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Open Thread - Blog


May 6th, 2009
Michael McParlane

n4813632_32467187_4050I’ve known Emilia Edwards for a while now, having spent long hours in the studio alongside her during our time at Carnegie Mellon University as art students. I’ve watched her work develop exponentially over the years and I’m always excited to see what she has been up to. She will so often have something new and nasty to show, whether it be the baby octopi she is using to print with or the latest issue of a muscle magazine she’s chopping up into a collage.

In addition to being a great artist, she’s also a fan of America’s Next Top Model, which only makes her more appealing (at least to me). I asked her a few questions about her work and how Pittsburgh has been treating her.

emilia

Here’s what she had to say:

OT Blog: You came to Pittsburgh in the summer of 2004 to begin an undergraduate degree in Fine Art at Carnegie Mellon University. Since graduating in May of last year, you decided to stick around. What about the city made you want to stay? What makes is an ideal place for young artists?

Emilia Edwards: I just like it here. It’s a nice place to live. There’s always something going on, and everybody is welcome everywhere.

I moved to Pittsburgh when I was 18 from Albuquerque, New Mexico. I knew next to nothing about the city, or even the state of Pennsylvania. I hated Pittsburgh when I first moved here. I was used to sunny weather and a grid. Pittsburgh was, at first, dreary and confusing but after living here for a while I began to learn more about the city and discover its charms.

Pittsburgh is an interesting place to be a young artist because there are opportunities available to everyone here that would be hard to come by in a larger city. After living here for five years I have far more experience showing my work than I would if I lived in a place where exhibition space is more exclusive. Also, it is entirely possible to make something creative happen from scratch here.

emilia2OT: Your work often deals with the grotesque, be it depictions of rotting meat, bulging bodybuilders, ugly babies, or serpentine cryptids. Where do you think the inspiration for much of this imagery comes from?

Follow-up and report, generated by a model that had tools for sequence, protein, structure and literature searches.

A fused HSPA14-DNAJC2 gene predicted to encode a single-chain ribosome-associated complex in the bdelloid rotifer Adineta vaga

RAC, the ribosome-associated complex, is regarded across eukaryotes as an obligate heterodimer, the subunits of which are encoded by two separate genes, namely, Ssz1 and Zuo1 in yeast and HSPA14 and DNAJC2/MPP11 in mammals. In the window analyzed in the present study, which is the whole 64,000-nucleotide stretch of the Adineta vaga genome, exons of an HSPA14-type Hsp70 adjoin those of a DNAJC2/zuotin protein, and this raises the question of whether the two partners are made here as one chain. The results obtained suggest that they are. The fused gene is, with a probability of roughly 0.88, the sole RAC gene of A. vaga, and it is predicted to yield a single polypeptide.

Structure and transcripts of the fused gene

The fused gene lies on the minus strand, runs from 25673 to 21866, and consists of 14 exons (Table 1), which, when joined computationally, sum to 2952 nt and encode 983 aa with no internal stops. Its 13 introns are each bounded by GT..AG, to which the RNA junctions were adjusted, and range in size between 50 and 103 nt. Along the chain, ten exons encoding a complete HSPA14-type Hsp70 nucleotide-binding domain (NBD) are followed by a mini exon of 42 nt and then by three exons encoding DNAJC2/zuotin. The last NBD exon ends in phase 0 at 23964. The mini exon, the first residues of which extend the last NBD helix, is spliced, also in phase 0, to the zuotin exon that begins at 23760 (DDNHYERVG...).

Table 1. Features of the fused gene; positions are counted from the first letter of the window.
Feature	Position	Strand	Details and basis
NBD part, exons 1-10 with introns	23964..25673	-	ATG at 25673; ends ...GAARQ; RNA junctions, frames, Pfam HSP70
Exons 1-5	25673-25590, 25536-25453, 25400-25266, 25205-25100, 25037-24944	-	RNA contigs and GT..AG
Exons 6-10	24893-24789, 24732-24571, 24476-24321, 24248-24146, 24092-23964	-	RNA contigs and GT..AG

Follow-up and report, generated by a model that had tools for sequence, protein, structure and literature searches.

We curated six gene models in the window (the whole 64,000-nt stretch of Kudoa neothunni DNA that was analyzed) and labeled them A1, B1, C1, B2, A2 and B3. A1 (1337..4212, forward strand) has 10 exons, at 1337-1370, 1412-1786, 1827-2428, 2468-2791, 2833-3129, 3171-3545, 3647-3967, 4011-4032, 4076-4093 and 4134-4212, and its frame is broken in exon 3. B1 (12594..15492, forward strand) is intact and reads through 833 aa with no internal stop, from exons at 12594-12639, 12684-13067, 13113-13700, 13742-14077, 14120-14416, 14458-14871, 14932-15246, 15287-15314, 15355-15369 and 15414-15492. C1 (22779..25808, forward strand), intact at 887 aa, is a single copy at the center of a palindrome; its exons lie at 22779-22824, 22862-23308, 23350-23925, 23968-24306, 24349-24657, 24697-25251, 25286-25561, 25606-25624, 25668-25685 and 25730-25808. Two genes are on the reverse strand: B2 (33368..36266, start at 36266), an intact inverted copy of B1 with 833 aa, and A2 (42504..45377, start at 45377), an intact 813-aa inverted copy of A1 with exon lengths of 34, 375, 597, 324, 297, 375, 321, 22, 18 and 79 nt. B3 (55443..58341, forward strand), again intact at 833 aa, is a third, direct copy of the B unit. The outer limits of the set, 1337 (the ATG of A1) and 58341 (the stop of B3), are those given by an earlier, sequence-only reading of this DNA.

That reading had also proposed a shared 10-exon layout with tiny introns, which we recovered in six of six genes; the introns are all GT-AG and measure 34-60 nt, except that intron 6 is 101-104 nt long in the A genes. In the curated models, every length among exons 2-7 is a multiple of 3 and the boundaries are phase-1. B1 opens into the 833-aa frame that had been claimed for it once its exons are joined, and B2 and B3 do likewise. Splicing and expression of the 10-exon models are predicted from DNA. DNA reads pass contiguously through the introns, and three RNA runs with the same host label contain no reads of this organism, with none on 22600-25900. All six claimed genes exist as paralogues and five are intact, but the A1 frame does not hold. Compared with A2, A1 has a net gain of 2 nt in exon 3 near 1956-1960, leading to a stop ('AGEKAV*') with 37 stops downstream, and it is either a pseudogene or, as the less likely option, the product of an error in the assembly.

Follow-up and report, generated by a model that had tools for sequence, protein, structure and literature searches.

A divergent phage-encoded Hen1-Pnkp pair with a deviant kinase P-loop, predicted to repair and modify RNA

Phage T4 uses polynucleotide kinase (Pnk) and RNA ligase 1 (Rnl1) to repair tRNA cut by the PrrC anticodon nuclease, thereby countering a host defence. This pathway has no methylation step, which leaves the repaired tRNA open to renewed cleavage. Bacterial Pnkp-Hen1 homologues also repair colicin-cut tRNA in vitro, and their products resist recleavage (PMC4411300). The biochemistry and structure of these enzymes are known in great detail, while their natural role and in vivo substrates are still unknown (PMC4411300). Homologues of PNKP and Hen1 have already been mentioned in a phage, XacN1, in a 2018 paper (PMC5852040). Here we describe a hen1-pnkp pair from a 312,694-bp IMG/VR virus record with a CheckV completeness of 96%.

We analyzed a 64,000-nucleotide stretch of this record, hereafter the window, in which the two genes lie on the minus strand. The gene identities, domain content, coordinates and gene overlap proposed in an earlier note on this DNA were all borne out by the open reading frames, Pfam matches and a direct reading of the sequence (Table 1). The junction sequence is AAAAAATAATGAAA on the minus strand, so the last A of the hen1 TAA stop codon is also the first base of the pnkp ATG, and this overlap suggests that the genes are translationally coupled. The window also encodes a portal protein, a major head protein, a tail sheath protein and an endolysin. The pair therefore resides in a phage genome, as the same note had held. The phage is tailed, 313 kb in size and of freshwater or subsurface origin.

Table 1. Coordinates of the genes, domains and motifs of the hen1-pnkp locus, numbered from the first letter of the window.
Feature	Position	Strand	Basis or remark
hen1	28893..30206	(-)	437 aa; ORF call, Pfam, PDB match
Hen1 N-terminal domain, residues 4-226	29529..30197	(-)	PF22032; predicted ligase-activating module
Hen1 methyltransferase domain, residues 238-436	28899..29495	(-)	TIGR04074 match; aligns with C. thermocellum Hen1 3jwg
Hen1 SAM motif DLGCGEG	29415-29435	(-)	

EE: I’ve always been fascinated by twisted and shocking images. My interest in horror movies and comic books began at a young age and continues to influence my art. Sea creatures are a recurring theme in my work. I like drawing ocean life because the result is usually part dinosaur, part alien, and part monster. Many of the images in my work are sourced from the pictures in medical journals, bodybuilding magazines, food magazines, Discovery Health shows about plastic surgery, the meat section in supermarkets, aquariums, and my own photography. I collage together ideas from photos and diagrams. I’m usually striving for a kind of ugly elegance in my work.

OT: Has anything in Pittsburgh particularly piqued your interest in the putrid and gross?

EE: I actually think Pittsburgh has contributed a certain beauty to my work that I wouldn’t find elsewhere. I have used drawings of Pittsburgh and several other industrial cities (Detroit, Bilbao and Frankfurt to name a few) as backdrops for my comics. The dramatic cityscape is an ideal setting for a fantastical narrative to take place.

OT: You were recently chosen by the arts organization Creative Time for their web project Creative Time Comics, where artists are invited to create a one-page web comic meant to address the issues facing our world. How did you get involved with them and what can we expect to see?

EE: I became involved with Creative Time through a former visiting professor at Carnegie Mellon. Christopher Sperandio was asked to contribute a page to the project and thought my work would fit well with the web format and content. From there CT contacted me and asked if I would contribute a page about something relating to “here and now”.

My page goes up June 1st at http://creativetime.org/comics. I am currently drawing a segment of a narrative about a deformed frog that lives in black water. It’s about the environment but the tone is not moral-driven. It’s a story about a toxic place and its inhabitants.

OT: What else can we look forward to from Emilia Edwards?

EE: I’m moving to Providence in July to start a graduate degree at Rhode Island School of Design. Until then I have a few projects lined up. I currently have a drawing on view in A Beckoning Country: Art and Objects of the Champlain Valley at the University of Vermont’s Fleming Museum. The piece is a preparatory drawing for Champy, a wall painting featuring Lake Champlain’s resident monster. My contribution to the Creative Time Comics project will go up in June. I am also working on some new ideas for giant wall art.  

emilia3



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